Act gave the United States a first-to-file patent system, which
for most international patent owners and applicants was a
welcome step towards international harmonisation.
Many US practitioners, including then-USPTO Director
David Kappos, expressed the view then that it was now
Europe’s turn to reform, by reconsidering the
introduction of a US-style grace period.
However, there has long been resistance to change in Europe,
and the grace period remains one area where national laws
diverge greatly: most (but not all) European states do not have
one; countries such as Japan and Russia have a six-month
period; while the United States, Australia, Canada and others
have a 12-month period (see this helpful
guide by UK patent attorney firm Mewburn Ellis for more
Last year, though, that resistance seemed to be softening.
At its ExCo meeting in Helsinki, the AIPPI (which has a strong
representation from Europe) passed a
resolution favouring the establishment of a 12-month grace
period covering "any disclosure to the public by means of a
written or oral description, by use, or in any other way" made
by the inventor or a third party.
This year, in Toronto, a further
resolution was passed on prior user rights.
Tegernsee group (comprising representatives of Denmark,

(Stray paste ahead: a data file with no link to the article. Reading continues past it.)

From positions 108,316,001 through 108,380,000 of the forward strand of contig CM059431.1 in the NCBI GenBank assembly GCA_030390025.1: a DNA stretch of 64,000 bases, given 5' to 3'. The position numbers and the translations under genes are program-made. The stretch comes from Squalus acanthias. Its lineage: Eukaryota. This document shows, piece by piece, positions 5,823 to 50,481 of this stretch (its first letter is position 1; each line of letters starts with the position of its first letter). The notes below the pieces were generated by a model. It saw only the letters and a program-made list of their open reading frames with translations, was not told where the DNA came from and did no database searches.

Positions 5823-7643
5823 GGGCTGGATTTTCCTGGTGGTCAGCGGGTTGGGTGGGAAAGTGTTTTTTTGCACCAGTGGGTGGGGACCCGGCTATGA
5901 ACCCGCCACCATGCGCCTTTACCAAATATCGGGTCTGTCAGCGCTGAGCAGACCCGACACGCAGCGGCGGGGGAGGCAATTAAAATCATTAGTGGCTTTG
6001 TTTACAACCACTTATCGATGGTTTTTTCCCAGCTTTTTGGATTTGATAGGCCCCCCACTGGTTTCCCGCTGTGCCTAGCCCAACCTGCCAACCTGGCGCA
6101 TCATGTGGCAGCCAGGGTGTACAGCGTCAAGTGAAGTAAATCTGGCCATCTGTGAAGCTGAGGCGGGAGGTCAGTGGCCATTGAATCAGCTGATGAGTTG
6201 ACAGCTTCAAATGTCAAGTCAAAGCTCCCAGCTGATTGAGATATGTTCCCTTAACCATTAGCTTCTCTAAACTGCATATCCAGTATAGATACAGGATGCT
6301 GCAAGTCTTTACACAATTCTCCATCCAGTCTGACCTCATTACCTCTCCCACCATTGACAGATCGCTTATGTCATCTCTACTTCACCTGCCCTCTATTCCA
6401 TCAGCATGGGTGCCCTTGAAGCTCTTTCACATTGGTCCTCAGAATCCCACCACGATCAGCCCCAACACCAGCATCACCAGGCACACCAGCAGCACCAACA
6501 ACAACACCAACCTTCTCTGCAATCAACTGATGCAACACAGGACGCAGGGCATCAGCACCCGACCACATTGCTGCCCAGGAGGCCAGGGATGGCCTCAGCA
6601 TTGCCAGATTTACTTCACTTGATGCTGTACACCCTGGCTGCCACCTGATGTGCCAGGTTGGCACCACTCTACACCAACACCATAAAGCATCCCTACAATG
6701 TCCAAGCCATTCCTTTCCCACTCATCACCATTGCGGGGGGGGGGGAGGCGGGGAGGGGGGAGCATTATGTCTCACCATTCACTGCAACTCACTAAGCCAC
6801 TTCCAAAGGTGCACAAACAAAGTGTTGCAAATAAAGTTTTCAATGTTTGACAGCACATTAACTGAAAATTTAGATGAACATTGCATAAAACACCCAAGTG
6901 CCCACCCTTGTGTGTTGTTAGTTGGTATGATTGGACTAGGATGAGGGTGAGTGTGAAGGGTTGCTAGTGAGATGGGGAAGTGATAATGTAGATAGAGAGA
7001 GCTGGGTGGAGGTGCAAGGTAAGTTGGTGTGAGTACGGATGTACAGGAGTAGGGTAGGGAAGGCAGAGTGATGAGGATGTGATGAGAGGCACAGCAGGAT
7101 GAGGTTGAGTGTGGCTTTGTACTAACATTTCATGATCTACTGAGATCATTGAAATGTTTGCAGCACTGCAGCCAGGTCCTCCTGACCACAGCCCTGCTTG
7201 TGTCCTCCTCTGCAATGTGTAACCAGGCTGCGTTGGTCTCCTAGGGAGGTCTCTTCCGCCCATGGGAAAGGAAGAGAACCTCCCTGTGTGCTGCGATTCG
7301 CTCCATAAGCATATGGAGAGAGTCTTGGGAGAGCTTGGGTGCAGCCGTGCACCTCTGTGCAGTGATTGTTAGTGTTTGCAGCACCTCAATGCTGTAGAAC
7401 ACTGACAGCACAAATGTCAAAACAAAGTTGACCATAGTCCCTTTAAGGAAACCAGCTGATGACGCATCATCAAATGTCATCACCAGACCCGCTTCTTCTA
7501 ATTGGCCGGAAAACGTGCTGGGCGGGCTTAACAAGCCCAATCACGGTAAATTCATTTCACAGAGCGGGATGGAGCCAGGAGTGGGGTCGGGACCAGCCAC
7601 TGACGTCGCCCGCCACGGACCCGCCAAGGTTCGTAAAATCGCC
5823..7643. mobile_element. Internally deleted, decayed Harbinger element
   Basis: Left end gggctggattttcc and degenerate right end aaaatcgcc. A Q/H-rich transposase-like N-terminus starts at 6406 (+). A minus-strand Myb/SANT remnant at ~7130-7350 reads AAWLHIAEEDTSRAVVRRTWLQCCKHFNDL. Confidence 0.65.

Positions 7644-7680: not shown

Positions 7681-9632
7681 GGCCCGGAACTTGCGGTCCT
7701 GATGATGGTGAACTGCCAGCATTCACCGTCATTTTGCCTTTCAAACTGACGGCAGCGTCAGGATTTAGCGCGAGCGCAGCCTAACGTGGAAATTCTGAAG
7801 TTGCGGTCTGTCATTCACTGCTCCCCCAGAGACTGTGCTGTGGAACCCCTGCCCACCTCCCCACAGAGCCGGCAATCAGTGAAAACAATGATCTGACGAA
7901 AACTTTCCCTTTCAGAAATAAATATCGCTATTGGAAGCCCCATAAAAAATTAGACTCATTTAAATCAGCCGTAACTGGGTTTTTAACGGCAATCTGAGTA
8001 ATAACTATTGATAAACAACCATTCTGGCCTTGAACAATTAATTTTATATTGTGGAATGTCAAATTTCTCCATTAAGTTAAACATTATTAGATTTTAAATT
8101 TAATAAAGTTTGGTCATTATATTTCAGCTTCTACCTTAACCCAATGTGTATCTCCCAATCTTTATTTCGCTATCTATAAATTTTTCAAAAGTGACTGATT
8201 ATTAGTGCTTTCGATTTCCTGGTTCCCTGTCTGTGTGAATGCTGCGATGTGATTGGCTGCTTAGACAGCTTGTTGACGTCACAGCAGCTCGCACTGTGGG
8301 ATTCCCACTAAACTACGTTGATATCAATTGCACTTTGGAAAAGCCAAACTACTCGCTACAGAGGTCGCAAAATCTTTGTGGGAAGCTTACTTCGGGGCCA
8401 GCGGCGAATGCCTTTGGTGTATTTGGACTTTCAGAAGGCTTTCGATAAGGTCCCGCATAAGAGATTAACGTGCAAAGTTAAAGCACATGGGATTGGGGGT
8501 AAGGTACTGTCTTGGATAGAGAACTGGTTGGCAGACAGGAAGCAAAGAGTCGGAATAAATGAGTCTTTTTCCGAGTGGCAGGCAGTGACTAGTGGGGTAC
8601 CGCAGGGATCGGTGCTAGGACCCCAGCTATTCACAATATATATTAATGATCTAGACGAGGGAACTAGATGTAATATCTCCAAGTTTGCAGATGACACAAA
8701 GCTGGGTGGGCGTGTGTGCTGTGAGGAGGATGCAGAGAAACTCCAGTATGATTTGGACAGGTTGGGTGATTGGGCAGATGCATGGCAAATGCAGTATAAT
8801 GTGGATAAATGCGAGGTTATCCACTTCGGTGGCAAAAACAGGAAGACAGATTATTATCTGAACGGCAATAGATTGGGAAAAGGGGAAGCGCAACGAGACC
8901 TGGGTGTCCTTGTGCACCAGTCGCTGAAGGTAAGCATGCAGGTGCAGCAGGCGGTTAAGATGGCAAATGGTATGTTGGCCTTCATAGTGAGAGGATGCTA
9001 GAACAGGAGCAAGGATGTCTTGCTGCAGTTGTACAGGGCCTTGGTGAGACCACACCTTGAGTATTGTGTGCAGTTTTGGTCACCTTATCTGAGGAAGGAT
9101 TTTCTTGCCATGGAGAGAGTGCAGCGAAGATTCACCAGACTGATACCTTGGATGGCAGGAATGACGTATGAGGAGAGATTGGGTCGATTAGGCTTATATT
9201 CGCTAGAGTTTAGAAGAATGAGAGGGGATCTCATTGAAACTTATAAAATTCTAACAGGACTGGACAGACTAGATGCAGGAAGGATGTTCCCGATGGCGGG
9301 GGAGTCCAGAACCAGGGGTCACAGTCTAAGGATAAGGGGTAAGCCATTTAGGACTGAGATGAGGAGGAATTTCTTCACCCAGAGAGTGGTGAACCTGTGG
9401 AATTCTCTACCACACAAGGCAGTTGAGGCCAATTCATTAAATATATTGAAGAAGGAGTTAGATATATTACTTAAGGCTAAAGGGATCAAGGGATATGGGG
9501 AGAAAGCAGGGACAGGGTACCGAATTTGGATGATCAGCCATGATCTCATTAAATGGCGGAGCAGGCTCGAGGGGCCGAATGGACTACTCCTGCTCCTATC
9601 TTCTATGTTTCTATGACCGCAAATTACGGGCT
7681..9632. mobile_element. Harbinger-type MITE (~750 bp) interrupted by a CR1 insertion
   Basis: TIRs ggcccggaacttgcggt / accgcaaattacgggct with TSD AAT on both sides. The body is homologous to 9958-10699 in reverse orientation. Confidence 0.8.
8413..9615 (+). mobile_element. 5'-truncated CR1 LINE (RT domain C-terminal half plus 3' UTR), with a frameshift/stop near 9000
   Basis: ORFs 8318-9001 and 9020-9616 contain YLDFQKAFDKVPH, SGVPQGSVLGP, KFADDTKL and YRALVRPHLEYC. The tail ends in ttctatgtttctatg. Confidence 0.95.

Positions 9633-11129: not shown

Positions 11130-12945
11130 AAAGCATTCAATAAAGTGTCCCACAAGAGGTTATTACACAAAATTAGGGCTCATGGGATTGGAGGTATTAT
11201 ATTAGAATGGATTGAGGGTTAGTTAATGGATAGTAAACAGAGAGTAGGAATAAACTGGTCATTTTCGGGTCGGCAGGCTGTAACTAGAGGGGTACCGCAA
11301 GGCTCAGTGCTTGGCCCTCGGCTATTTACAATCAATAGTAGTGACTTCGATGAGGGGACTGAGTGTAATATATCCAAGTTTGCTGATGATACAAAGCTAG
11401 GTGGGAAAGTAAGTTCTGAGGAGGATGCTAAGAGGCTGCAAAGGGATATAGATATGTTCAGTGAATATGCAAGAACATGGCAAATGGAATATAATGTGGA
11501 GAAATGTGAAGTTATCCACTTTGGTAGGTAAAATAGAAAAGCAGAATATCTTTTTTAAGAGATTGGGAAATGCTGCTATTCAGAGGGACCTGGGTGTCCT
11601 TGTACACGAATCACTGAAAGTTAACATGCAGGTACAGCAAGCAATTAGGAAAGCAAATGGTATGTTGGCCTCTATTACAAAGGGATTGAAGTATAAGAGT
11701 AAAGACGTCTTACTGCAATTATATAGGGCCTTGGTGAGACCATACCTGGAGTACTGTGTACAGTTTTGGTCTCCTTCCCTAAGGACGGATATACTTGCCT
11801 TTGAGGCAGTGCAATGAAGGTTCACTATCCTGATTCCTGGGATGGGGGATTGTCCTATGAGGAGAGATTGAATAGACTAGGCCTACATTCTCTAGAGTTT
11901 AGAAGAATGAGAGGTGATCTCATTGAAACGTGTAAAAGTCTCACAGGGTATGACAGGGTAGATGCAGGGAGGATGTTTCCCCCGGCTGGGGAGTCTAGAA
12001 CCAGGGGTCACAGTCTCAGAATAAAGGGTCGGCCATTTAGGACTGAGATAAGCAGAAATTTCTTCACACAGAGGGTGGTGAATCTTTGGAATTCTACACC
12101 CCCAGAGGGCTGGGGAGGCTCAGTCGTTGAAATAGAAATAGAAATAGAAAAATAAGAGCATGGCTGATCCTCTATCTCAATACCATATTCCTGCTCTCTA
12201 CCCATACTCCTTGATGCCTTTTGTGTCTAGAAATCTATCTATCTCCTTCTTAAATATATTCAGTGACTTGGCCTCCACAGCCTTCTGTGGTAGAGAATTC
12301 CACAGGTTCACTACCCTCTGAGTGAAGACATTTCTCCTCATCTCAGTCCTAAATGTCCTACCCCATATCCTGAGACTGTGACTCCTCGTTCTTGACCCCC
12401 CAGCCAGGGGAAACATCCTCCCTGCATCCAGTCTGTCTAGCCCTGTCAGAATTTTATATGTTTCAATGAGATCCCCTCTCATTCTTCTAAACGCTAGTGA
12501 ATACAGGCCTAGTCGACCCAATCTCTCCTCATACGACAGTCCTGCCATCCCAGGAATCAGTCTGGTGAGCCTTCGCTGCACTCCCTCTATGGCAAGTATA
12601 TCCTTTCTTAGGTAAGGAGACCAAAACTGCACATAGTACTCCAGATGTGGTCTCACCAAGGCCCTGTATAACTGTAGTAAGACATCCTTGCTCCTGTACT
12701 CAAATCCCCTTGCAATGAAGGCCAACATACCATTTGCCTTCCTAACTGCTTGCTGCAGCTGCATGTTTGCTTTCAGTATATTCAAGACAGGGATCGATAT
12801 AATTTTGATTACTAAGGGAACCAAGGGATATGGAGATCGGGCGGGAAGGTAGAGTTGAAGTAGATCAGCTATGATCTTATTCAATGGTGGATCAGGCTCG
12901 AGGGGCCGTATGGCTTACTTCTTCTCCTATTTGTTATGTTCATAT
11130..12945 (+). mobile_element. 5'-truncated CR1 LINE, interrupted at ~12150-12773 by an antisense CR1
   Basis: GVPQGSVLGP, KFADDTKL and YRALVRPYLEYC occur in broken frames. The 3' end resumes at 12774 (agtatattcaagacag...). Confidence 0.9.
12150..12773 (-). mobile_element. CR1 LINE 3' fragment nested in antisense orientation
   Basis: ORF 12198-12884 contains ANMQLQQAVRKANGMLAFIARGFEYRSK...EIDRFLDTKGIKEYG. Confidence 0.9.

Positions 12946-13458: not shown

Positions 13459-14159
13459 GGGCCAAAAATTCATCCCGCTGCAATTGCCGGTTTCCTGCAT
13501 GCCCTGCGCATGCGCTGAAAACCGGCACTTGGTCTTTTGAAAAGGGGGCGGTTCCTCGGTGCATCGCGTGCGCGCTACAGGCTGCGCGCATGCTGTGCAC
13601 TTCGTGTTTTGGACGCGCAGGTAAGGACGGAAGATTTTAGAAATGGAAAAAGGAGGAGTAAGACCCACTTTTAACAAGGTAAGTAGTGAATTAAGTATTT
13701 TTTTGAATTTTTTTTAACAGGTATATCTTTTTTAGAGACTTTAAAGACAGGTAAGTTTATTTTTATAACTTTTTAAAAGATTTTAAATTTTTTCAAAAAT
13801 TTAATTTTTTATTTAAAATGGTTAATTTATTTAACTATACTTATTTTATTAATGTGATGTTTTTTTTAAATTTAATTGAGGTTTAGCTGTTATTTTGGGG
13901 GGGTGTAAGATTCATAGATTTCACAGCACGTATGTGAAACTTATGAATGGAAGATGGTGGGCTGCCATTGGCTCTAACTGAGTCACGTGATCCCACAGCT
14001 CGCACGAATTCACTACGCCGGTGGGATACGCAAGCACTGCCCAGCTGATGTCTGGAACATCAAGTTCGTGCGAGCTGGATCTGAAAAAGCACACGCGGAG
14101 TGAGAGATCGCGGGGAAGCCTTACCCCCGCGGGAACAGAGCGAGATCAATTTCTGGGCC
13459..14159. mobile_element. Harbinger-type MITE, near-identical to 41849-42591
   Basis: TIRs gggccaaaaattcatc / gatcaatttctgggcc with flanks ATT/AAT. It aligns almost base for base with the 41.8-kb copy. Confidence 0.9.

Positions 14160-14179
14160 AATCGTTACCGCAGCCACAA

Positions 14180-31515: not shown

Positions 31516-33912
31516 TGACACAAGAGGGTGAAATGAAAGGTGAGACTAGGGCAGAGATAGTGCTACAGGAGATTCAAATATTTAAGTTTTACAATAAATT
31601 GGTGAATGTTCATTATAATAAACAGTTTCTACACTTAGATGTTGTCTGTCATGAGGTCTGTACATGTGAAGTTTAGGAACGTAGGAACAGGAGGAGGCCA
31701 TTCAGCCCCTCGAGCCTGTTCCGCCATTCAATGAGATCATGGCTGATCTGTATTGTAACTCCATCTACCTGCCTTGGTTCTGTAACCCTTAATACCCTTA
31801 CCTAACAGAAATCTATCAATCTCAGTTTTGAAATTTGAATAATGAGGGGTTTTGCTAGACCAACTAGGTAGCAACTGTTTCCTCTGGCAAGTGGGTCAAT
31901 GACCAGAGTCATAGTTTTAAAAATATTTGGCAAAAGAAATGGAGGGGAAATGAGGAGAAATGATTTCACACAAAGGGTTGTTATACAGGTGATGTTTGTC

France, Germany, Japan, the UK, US and EPO) identified the
grace period and prior user rights as areas for harmonisation
at their first meeting in July 2011.
report published earlier this year, the group (pictured
left) noted that while Japanese and US users favour the grace
period, it remains controversial in Europe: one survey saw
respondents almost equally split for and against a grace
period, while in Germany 61.5% were against. Moreover, the
report noted that "there are divergences in the understanding
of the role, systemic importance and optimal scope of the grace
period, across the three regions".
The report concludes this work cycle, but the so-called B+
group of countries – led by UK IPO chief executive
John Alty – will continue to work on the issue. The
question is: is it a priority for patent applicants and owners
"There are divergences in the
understanding of the role, systemic importance and optimal
scope of the grace period."
I know some organisations, such as universities, are
strongly in favour, even in countries that do not have a grace
period at present (see this
study by Science Business). Others would like
harmonisation, but can’t agree on the details.
Others oppose any change at all.
It seems like this is an issue where there is little
incentive for governments to act, unless urged to do so by
those affected in industry. If patent applicants and owners
really want harmonisation, they need to make their voices heard
– otherwise the issue is likely to slip into the